Stephen Hawkin

Treadmill Running

About resorting to the Treadmill, commonly referred to as the Dreadmill for many of my runs this week. It’s not that bad. Shock horror. I love my trails, I love being outside, so probably sounds a bit strange for me to openly admit….. I quite like it. It serves a purpose, allows you to get the job done, and in many cases, can be a really helpful tool when it comes to speedwork or controlling your pace. I find my legs cope much better doing speed sessions on the Treadmill rather then hitting the roads. I get a lot of messages on Instagram about the treadmill. So here’s my little nuggets of wisdom when it comes to resorting to the hamster wheel.

  1. Change it up. Many say to me I can only do x amount of time and that’s my limit. Often it’s very short. I always change something every 5 minutes or every K. Whether it be change the incline a little, or change the speed. Short bursts of faster speeds every five minutes, work wonders, It doesn’t have to be for long, just a little pick up for 30 – 60 seconds. It breaks the monotony, and I also find it helps with making the usual pace feel a little easier again. Interval sessions are much easier to tolerate, but if you’re just plugging in some easy or steady miles, or eve a long run, do some little changes.
  2. Multi Task. Take advantage of being stuck in one place. Catch up on your favourite Netflix series, listen to an audio book or podcast, learn a language. The last one is great for easy runs to make sure you are still able to talk. Although you may get a few stares splurting out Spanish [phrases if you are in a gym and not in the comfort of your own home.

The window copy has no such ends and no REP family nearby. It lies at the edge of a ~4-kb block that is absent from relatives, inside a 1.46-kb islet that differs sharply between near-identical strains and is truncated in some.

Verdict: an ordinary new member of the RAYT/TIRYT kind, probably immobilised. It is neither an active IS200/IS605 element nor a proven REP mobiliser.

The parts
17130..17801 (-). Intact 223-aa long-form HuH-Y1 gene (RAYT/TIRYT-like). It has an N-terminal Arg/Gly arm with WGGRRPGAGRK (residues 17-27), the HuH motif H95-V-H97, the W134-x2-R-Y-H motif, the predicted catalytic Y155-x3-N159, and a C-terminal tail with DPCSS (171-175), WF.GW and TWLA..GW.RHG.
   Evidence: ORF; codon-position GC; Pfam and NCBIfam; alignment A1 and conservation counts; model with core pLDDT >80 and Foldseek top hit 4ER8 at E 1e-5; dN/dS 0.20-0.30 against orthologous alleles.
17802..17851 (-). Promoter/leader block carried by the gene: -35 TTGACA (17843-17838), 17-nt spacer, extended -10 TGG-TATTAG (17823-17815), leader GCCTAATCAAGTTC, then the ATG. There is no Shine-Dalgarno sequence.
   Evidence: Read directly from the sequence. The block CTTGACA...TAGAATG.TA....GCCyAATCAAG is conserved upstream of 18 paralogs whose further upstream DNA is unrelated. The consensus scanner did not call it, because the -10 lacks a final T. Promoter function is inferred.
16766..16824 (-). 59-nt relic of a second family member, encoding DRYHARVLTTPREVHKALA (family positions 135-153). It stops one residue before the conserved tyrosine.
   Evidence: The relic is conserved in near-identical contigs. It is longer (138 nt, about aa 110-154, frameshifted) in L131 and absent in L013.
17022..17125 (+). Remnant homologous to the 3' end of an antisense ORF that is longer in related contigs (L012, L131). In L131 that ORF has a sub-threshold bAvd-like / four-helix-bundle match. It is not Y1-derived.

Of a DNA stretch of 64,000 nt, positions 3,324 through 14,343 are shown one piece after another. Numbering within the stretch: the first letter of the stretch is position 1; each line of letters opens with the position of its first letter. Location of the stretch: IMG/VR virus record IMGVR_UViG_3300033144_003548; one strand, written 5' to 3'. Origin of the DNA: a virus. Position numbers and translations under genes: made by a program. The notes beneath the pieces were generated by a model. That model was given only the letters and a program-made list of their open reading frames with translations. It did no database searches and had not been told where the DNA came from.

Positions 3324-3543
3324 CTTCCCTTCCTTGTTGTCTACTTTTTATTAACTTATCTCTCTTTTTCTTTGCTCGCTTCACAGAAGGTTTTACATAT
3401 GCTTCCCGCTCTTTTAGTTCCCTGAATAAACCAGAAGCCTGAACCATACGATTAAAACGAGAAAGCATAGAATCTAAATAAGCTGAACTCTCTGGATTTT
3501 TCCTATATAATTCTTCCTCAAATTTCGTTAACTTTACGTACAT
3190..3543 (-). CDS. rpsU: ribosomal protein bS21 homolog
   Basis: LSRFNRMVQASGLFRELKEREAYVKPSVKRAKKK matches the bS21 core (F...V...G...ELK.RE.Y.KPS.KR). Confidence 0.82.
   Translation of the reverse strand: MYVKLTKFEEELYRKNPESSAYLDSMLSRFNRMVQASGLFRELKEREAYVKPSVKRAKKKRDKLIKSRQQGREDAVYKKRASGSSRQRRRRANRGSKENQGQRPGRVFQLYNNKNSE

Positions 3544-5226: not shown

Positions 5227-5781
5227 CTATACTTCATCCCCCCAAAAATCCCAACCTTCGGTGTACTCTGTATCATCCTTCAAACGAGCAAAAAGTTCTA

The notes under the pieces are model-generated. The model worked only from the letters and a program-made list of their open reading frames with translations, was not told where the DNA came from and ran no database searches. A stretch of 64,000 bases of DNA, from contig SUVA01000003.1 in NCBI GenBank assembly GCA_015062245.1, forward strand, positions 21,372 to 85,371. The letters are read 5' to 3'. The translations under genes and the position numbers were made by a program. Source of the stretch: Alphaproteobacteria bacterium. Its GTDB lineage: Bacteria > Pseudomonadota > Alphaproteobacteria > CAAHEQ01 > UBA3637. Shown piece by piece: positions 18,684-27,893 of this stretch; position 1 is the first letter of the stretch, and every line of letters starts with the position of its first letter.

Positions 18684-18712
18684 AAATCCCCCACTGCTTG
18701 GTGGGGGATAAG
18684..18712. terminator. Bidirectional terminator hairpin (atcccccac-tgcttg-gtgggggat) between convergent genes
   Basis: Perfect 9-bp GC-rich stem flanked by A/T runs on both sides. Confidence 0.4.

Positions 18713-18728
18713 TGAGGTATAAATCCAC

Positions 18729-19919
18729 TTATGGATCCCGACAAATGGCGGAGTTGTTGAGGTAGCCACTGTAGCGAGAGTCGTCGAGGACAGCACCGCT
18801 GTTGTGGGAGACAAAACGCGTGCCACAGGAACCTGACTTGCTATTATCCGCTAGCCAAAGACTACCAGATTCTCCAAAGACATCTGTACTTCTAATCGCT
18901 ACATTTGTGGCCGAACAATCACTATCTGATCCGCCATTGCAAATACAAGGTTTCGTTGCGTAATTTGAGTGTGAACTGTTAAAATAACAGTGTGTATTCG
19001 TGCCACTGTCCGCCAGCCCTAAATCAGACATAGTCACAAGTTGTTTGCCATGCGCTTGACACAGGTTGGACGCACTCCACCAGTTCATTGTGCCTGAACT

3. Ah….Comfort. I have done a fair few long runs on the treadmill. one added bonus is comfort. You’ve got your own personal aid station right in front of you. Water, gels, and a toilet meters away. Makes a refreshing change to a mad dash to find a big enough bush al fresco. There’s no need to layer up. You know you’re going to sweat a bucket load so know how to dress accordingly.
  4. It’s not running outside. It’s a tool. It makes it much easier to think of the treadmill as a tool. You are not replicating running outside. There’s no wind, rain, traffic, stray dogs, potholes, you name it. It’s not the same in any sense. Some people run faster on a treadmill, some run slower. It doesn’t matter. The effort level of the session you are doing, matters. You can still put in the same amount of effort.

When it comes to either missing a session, or jumping on the treadmill at home, then I will always go treadmill. I use it, only when Mummy duties prevent me from going out. It’s amazing how much you can fit in whilst a toddler naps. Luckily, I am mostly out, and that is always the best way.  But when circumstances mean the tool needs to be used. Move over, and pass me the TV remote. I’m binging.

Now for this week, it’s survival of half term, and my first proper race since the stress fracture with a half marathon on Sunday, I cannot wait! See you on the flip side.